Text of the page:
“Nowhere else in Canada would anyone accept this,” Moonias continues. “It’s a violation of our fundamental human rights...We’re being treated as second-class citizens.”
“I wonder how different the response would be if the residents of Toronto were without access to water,” he says.
Kitigan Zibi Anishinabeg is located in Quebec, 130 kilometres north of Ottawa. The community has been advised to refrain from drinking its well water since 1999, after uranium and other toxic-heavy chemicals were detected. Polaris notes “some progress” for the community’s water situation since 2006, but emphasizes that, “This comes after years of people drinking water that most Canadians would deem undrinkable.”
On the eastern shores of Pikangikum Lake, about 100 kilometres north of Red Lake in northwestern Ontario, is the remote Ojibway community of Pikangikum First Nation. It is a self-sufficient community of 2,300 keen on preserving their culture and language. Indeed, it has the highest rate of indigenous language retention in northern Ontario. Polaris argues, “The case of Pikangikum underscores why Canada must recognize water as a human right and ecological trust.”
Boiling Point! also describes the extreme poverty of Pikangikum First Nation. Juliette Turtle, a 58-year-old woman, and her family of eight live in a 65-square-metre house with no toilet and no running water. In the backyard is an outhouse. When the hole is full, a new hole is dug and the outhouse moved over top. In the same backyard, seven of Turtle’s 12 children are buried. All seven committed suicide.
Particularly frustrating, according to Polaris, is a water treatment plant built in 1995, which is capable of producing enough potable water for the entire community. However, in 2007, 90 per cent of homes were still unconnected.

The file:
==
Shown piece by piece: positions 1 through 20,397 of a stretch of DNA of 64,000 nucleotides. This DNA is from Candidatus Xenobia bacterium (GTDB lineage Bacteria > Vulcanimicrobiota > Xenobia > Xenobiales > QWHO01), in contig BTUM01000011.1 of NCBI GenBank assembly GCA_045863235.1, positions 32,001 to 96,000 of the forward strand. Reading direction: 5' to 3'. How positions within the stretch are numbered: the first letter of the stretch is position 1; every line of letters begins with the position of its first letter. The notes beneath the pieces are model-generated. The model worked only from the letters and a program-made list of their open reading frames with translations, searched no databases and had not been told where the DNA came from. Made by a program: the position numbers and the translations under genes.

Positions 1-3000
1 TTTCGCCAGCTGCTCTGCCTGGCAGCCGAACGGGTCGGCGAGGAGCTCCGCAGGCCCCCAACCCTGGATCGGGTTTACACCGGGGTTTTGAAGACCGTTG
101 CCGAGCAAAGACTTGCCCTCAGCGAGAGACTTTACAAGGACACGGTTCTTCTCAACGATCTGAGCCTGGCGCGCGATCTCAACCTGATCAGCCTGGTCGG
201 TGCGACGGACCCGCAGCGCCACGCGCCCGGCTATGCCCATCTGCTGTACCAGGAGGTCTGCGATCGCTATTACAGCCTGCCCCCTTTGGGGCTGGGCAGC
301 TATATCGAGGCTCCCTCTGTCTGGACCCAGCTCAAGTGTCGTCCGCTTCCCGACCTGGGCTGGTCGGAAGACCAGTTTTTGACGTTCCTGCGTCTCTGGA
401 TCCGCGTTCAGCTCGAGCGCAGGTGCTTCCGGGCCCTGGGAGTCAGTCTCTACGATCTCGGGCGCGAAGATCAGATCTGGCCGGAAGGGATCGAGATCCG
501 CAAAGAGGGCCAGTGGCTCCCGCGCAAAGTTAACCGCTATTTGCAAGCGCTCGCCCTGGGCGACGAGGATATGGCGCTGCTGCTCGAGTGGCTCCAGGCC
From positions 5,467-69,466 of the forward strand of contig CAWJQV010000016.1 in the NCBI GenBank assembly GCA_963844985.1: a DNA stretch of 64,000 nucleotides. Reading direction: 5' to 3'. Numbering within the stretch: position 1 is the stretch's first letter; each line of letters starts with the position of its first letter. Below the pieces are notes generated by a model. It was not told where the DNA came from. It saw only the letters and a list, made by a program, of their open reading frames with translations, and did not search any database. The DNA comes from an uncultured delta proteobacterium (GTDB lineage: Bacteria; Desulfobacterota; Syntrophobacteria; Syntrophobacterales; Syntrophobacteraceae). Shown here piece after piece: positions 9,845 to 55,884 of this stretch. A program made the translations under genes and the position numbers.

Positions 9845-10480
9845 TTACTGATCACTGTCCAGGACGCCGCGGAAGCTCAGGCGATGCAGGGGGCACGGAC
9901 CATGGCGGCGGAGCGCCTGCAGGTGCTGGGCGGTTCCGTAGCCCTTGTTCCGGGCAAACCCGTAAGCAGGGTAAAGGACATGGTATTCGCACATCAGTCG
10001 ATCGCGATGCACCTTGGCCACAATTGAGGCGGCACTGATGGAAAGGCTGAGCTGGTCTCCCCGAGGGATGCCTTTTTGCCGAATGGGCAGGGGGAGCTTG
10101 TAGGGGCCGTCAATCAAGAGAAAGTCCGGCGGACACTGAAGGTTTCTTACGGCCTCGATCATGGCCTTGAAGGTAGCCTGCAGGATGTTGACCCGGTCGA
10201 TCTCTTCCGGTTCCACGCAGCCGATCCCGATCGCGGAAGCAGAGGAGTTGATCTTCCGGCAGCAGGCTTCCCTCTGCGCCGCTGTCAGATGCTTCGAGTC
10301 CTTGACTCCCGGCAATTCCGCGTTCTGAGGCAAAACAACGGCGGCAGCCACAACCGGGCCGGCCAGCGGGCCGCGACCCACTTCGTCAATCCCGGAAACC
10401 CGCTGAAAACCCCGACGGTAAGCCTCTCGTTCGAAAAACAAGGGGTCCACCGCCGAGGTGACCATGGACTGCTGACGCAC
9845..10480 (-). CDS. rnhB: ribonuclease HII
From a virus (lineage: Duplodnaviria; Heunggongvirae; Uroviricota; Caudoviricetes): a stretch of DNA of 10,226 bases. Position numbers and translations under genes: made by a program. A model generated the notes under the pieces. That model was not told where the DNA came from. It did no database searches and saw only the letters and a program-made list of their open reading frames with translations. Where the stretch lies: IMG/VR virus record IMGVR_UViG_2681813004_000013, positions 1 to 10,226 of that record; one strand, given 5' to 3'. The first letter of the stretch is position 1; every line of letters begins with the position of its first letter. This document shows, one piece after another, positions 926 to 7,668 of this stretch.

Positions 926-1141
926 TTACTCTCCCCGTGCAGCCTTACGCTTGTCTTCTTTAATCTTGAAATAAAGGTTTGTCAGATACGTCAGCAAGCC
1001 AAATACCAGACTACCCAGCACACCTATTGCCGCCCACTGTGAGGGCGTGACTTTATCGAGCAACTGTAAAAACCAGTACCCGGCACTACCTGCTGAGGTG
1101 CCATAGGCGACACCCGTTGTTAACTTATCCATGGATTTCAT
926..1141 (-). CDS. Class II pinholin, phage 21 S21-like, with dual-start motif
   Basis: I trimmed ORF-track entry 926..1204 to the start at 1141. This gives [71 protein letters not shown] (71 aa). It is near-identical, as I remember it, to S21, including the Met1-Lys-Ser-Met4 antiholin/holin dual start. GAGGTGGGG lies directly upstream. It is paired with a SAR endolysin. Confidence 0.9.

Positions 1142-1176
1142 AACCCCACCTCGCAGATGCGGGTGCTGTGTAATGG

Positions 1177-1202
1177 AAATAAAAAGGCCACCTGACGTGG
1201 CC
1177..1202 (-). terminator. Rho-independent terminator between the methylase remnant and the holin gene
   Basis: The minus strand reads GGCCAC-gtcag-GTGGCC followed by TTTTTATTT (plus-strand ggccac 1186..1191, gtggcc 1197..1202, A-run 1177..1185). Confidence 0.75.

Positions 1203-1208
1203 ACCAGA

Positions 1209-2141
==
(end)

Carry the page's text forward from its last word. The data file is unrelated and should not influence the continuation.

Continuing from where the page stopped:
Despite the clear reality that Pikangikum is in crisis, it is not considered one of the 21 priority communities identified under the federal government’s Plan of Action for Drinking Water in First Nations Communities.
On the southwestern tip of Lake Athabasca, 200 kilometres from Fort McMurray, in the middle of the Alberta tar sands, is the Athabasca Chipewyan First Nation.
In February 2008, chiefs from Treaties 6, 7 and 8, including Chipewyan First Nation, unanimously urged the Alberta government to enact a moratorium on all new oil sands projects until watershed and resource development plans have been approved by First Nations.
Dr. John O’Connor blew the whistle on unchecked tar sands development after noticing high rates of illnesses, in particular, cholangiocarcinoma, a rare bile duct cancer, in residents of Fort Chipewyan in late 2000. According to the Polaris report, there is a belief among physicians of an effort on the part of the Alberta government to silence O’Connor.